At the end of July, I posted about an embroidery project I was working on: Favorite Bites in Baltimore. I’m happy to say that it’s done (!!) and features some of my favorite things I’ve eaten during my 10+ years of living in the city.
The foods I embroidered:
- Top left: S’mores in a Jar (from Hamilton Tavern)
- Bottom left: Dirtyboy (from Bun Shop)
- Middle: Greek Pizza (from Joe Squared)
- Right: Fried Oyster Mushrooms, Feta Cheese, Arugula, and Hot Sauce (from Mushroom Stand at JFX Farmer’s Market)
There will be text on top of the embroidery that explains the project—I’ll post that once it’s done.
Now that Favorite Bites is done, I’m going to go back to embroidering decorative floral scenes. But I do have plans to continue this food series. Cleveland is next!
It’s been a while since I’ve shared a glimpse into my studio! Here’s a fun embroidery I’ve been working on the past couple of weeks. It combines two things I love: stitching and good food.
The [working] title for this piece is called Favorite Bites in Baltimore, and it will include a half dozen of my favorite things I’ve eaten while living in Baltimore. So far, I’ve completed S’mores in a Jar from Hamilton Tavern and the Dirtyboy from Bun Shop. Now, I’m in the middle of a slice of pizza from Joe Squared.
I’m planning on embroidering a few more foods, but narrowing down the choices has been really hard. Baltimore has some great restaurants!
(Follow me on Instagram to see regular updates of what I’m working on.)
I love it when embroidery is in used in unconventional applications, and designer Elliot Schultz has done so in a super creative way. He created a series of embroidered zoetrope!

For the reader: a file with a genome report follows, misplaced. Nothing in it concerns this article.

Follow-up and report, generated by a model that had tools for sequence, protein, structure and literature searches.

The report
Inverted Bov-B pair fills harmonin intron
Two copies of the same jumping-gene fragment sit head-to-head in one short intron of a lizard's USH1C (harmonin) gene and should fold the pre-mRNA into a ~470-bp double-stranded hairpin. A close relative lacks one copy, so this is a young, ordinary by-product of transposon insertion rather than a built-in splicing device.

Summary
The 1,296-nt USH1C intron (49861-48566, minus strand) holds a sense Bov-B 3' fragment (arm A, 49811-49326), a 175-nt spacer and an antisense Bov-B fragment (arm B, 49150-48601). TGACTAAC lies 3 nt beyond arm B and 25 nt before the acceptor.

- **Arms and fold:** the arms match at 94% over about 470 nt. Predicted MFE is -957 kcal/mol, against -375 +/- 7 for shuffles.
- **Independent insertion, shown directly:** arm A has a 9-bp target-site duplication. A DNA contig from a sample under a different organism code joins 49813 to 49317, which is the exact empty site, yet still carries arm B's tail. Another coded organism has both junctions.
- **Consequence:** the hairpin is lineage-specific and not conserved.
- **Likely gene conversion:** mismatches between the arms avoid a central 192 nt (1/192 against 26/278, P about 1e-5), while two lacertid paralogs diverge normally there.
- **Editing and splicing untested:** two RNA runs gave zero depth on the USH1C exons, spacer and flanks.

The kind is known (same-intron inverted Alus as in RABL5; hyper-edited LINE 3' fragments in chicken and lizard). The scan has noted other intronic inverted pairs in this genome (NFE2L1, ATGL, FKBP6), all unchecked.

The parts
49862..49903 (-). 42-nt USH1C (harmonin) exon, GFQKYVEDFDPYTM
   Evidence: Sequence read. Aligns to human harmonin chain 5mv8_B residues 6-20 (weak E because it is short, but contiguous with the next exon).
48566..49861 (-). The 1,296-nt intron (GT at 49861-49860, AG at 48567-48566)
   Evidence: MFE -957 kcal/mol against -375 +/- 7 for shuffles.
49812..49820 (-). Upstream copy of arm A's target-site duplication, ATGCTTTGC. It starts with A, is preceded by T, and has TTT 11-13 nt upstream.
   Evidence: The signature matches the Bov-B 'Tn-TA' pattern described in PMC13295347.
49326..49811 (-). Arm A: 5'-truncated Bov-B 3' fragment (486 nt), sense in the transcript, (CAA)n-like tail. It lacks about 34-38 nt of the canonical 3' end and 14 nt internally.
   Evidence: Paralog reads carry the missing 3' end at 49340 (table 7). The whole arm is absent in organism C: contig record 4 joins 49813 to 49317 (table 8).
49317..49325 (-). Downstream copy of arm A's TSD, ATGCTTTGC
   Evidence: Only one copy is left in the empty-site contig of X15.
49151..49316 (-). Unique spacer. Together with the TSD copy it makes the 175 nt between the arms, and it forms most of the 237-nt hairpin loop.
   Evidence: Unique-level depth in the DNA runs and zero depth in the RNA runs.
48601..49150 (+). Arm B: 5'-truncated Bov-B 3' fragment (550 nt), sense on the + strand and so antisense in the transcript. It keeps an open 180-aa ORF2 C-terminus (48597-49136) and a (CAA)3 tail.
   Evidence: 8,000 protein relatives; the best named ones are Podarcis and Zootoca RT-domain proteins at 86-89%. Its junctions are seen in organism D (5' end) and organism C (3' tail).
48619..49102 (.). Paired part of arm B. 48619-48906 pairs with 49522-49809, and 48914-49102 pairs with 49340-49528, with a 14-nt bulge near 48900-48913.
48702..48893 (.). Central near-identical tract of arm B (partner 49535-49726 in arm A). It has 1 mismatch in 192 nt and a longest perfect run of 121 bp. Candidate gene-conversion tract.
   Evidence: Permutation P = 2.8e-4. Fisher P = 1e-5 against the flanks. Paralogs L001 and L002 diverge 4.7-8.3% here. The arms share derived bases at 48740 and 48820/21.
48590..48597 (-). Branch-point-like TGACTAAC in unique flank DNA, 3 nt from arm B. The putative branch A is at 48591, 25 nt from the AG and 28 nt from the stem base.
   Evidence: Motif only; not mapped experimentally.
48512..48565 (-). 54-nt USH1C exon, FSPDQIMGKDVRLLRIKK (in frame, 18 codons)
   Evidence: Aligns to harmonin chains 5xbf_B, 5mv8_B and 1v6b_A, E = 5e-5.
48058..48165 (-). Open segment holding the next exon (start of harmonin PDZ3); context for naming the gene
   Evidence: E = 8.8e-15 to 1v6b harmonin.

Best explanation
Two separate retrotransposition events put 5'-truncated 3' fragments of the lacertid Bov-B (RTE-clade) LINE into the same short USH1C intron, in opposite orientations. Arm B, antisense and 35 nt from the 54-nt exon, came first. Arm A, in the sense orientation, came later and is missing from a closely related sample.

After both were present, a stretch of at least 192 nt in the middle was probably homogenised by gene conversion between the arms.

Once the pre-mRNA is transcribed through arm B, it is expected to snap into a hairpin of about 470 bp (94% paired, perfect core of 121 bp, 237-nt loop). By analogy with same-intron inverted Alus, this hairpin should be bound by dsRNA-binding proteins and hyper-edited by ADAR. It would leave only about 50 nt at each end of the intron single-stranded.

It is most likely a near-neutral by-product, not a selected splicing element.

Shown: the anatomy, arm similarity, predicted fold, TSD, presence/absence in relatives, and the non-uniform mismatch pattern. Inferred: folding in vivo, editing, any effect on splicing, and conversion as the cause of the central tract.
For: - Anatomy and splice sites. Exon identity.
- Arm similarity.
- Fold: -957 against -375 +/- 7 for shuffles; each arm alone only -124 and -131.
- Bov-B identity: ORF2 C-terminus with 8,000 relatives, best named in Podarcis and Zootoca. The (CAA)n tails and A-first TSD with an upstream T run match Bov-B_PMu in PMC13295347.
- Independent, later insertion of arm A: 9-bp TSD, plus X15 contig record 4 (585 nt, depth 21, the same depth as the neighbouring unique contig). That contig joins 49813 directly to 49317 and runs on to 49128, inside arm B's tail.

If you aren’t familiar with a zoetrope, it’s an animation technique that uses a series of pictures on an inner surface. When they’re rotated and displayed — either with a strobe light or by photographs — the illusion of motion is created.
For his final project at the ANU School of Art in Australia, Elliot created six discs with animated sequences embroidered on their surfaces. They were designed to be played on standard turntables, borrowing the shape and size from a 10″ vinyl record. Once they were hit with a strobe light, the animations came to life.
Check out the GIFs and video to see these pieces in action. How cool! (Via Colossal)
Ashlee Woo creates portraits of celebrities, artists, and political leaders using a combination of digital embroidery and silk screen. The abstract images feature thick stitched lines that define the large, bold shapes of the subject. Smaller, more expressive embroidery adds fun details like crazy hair styles and delicate facial features. This combination produces unique profiles that capture both a likeness as well as an essence of their personality. Love!
Kim Jong En
Stacey Page transforms discarded vintage photographs from banal to fantastic in her on-going series of embroidered portraits. Since 2008, she’s adorned men and women with bizarre headdresses, costumes, facial hair, and much more. This is both conceptually and visually interesting. I love that the stitching creates a “second skin” and a new narrative onto the old pictures. And, at the same time, it’s a great contrast between the smooth silver gelatin photos beneath the fuzzy threads.
Almas Pieters is an illustrator based in the Netherlands who creates her illustrations with things like textiles and embroidery thread. She uses a variety of stitches to create full color and highly textured works of three-eyed beasts, masks, and severed heads.
I’m really impressed with the craft of Pieter’s work. The stitches are neatly applied, and there’s a real sense of movement in each piece. Perfect for depicting waves, limbs, and more.